Wednesday, July 4, 2007

Mathematics and culture

William Byers' How Mathematicians Think (Princeton, 2007) states that the deepest motivation for mathematical practice rests on the fact that "There exists that which cannot be expressed yet we must express it." (p. 120; italics in original.) He amplifies this as "putting the ineffable into words, describing the indescribable, or expressing the inexpressible." Exploring the example of the "infinite," he finds that historically two clusters of characerizations are found: on the one hand the infinite is boundless, endless, immeasurable; and on the other hand it is complete, whole, perfect, and absolute. The first cluster belongs more to the context of expression, the second to the intuition of the wholeness that lies beyond expression. In my terms, the indescribable infinite belongs to World Two, and the attempt to say the infinite in terms such as "immeasurable" to World Three, the realm of culture and specifically mathematical culture. Godel's incompleteness theorem is a paradigmatic example of mathematical culture because it shows that "within the context of logical thought one can deduce limitations on that very thought." (Byers, p. 282). This is quite similar to the argument in the Samkhya Karika that leads the highest embodied intelligence (sattvic buddhi) to see that "I am not, I have nothing, there is no self in me" (naham na me nasmi, SK 64).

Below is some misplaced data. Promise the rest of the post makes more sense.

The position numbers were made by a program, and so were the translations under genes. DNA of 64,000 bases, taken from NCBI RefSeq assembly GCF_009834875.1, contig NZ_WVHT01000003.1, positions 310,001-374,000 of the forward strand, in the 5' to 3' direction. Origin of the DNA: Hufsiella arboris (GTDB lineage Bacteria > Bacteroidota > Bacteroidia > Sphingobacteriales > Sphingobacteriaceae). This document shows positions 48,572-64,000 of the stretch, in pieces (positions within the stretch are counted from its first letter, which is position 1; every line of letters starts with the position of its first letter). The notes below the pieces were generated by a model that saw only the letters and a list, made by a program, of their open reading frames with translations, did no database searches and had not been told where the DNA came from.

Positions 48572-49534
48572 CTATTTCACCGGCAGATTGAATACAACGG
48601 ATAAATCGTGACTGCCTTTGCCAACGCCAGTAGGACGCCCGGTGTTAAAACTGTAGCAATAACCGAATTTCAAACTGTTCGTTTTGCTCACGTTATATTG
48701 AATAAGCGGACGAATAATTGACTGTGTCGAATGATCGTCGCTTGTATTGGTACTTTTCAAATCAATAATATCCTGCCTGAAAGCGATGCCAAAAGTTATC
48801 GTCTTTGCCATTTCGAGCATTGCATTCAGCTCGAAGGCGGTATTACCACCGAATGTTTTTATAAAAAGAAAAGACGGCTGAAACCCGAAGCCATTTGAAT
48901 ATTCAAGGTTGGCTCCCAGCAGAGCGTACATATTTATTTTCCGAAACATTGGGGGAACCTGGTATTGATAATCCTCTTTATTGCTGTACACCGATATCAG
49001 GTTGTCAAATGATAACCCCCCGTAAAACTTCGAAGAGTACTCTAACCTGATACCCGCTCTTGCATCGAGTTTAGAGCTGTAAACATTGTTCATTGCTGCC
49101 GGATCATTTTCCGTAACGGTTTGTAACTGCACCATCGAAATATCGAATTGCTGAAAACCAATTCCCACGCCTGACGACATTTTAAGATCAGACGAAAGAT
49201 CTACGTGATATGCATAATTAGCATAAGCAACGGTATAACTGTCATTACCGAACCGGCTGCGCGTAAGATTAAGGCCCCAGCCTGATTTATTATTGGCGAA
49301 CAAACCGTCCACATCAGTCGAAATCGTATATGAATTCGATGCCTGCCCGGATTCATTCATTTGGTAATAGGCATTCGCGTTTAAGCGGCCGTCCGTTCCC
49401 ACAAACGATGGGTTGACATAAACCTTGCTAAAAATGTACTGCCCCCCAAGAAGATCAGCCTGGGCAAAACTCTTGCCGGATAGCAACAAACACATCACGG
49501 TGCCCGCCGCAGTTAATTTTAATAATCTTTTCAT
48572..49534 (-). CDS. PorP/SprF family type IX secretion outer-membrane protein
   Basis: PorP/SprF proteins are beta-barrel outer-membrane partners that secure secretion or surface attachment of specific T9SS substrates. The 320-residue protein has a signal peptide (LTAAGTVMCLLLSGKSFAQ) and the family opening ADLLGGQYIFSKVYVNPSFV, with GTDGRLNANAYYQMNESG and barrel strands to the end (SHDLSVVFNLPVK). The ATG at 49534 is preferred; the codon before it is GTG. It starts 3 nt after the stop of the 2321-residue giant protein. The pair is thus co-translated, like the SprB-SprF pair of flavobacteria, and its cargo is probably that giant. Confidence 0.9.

The self referentiality of the Samkhya text closely parallels that of Godel. This seems to be a general feature of (genuine) culture. There is always self-reflection in the service of self-transcendence. We are bound into the world of duhkha but that suffering life contains within it the possibility--indeed the necessity--of a beyond. Great ideas in mathematics parallel the great realizations of figures like the Buddha and Patanjali (of the Yoga Sutra) that show the limitations and thereby the potentialities for release in our World One of constriction and pain.